• Other Secondary Entrances: Nursery Entrances and Secondary Garden Entrances fit in this category. Secondary entrances also included Passages, Corridors, or Galleries. Passages allowed access to rooms whereas Corridors were usually used to access bedrooms. Corridors were also more stately. They were also larger and longer than passageways usually being between 6 to 12 feet wide, with their length double their width. Galleries were even wide and more stately than Corridors. They were usually 14 to 20 feet wide and their length, similar to Corridors, usually twice as long as the width. Galleries were also different from Corridors in their utilitarian character. Corridors were for passage only whereas Galleries not only functioned as thoroughfares but also accommodated displays or functioned like a Saloon. Galleries could also be specifically built to function as a Picture Gallery or a Ball-room. During the summer, a Gallery might also be used as a lounge area.
  • Porch: Porches were originally designed to prevent external cold air from entering a house when the door was opened. They were also created to counteract winds, protect people, and shelter carriages. There were two type of porches, open and enclosed. Open porches could be small with nothing more than a roof. Enclosed porches were usually larger and might contain walls and benches for waiting servants. If the area was more than that, it was considered an Entrance-Hall. Another type of Porch was the Carriage-Porch. It was designed so carriages could easily pass under a portico or something similar. Carriage-Porches were convenient during bad weather but inconvenient for people on foot because they made it more difficult to access the house. Moreover, people generally thought of Carriage-Porches as somewhat gloomy unless they were lit.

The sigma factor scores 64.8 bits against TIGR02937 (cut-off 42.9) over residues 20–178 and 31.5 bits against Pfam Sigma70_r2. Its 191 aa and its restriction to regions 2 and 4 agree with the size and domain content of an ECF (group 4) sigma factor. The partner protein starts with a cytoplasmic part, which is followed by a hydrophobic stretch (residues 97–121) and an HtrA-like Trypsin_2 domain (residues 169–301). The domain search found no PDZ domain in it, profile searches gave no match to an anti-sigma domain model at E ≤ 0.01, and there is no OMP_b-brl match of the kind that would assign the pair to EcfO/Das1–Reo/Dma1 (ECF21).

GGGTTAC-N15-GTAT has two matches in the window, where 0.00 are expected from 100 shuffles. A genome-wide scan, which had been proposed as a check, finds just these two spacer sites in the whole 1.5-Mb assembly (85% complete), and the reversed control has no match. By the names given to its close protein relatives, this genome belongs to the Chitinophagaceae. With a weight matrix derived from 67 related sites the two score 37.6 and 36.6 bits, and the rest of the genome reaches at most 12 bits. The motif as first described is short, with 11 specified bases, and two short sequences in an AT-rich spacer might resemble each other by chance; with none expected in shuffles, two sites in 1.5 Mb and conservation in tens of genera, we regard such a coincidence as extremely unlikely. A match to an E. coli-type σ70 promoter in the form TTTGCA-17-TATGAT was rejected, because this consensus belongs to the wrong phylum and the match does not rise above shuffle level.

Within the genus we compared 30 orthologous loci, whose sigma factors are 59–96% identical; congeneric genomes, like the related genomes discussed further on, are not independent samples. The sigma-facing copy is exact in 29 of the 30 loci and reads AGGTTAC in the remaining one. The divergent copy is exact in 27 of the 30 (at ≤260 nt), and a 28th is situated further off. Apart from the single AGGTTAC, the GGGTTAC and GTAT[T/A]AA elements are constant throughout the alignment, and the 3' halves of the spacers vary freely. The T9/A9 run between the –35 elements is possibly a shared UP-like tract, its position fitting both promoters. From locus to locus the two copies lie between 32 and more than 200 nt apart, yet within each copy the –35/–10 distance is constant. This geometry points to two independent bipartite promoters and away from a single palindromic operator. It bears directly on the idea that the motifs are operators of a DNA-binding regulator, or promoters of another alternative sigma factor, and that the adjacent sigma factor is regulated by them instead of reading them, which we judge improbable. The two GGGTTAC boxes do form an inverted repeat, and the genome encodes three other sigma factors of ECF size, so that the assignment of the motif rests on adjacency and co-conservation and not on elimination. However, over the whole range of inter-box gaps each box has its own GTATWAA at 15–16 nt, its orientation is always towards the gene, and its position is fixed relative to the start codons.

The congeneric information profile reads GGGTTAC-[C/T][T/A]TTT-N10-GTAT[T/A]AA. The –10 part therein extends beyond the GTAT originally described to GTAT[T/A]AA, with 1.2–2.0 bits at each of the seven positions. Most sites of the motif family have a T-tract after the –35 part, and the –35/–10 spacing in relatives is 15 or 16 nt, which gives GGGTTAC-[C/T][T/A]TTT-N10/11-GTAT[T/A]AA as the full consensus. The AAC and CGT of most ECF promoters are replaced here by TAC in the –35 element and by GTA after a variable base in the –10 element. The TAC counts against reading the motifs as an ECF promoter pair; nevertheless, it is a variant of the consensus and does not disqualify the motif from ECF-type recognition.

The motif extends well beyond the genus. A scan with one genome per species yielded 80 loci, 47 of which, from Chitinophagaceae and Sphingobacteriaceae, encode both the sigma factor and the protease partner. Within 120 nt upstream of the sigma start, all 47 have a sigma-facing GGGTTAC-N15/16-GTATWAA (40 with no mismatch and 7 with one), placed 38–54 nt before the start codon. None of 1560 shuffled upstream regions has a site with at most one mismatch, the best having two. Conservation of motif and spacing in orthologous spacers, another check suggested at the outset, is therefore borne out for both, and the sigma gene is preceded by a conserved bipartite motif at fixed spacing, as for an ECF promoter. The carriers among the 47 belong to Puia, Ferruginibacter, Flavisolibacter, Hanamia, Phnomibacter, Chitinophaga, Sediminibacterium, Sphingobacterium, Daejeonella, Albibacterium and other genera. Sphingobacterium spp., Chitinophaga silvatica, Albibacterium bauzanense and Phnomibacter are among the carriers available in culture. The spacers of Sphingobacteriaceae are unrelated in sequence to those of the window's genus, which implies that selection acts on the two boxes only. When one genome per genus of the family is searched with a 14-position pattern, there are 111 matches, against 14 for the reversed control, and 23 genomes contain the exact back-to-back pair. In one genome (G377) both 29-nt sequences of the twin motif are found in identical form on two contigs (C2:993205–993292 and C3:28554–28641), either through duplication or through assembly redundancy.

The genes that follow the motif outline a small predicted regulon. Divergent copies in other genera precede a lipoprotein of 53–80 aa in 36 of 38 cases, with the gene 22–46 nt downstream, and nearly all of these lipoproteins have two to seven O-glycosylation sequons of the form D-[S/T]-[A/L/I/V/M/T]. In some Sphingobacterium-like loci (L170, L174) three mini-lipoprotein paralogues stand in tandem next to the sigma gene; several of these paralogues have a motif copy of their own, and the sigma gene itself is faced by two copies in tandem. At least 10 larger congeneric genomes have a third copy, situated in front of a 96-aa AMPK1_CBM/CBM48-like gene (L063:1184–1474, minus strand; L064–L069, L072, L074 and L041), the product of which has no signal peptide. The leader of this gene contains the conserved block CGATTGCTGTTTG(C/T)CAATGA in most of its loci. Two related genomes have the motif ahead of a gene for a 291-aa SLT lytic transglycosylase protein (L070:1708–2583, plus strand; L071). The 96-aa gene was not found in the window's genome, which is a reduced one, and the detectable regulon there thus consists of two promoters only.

thoroughfares - timber porch

    Domestic timber porch detail. Courtesy of Wikipedia.

  • Saloon: Although the Duchess of Devonshire might call it a saloon, Madame Récamier in France referred to as a salon. The term saloon was applied to almost any central hall that functioned similar to a thoroughfare. Saloons usually faced gardens or terraces and were often flanked by Drawing-rooms on one side and either a Music-room, Ballroom, Library, Morning-room, or Dining-room on the other. In smaller homes, saloons were replaced with Ante-rooms or even Vestibules if the Vestibule had a Garden Entrance. Saloons could also serve as Sitting-rooms.
  • Staircases: Staircases served as thoroughfares and usually provided access to sleeping quarters located on the second floor. A house’s principal staircase was usually closed to servants: Servants had their own staircase called the “Back-stairs,” although the back stairs also provided for incidental traffic. Back-stairs generally ran from the basement to the uppermost story. Sometimes there might also be a Private Family Staircase used by a family to access their own private rooms. Sometimes there were also Bachelors’ Stairs or Young Ladies’ Stairs that allowed bachelor or young ladies to reach their room from the outside during disagreeable weather.
  • Vestibules: A vestibule was for entrance only and served as a Lobby, Entrance Hall, or passageway between the entrance and a building’s main interior. Additionally, Vestibules were not quite equivalent to an Ante-room because a Vestibule functioned strictly as a thoroughfare where an Ante-room was more than thoroughfare. Vestibules also functioned as sort of diminutive hall with access to several doors, rather than a single door.


  • Kerr, Robert, The Gentleman’s House, 1865.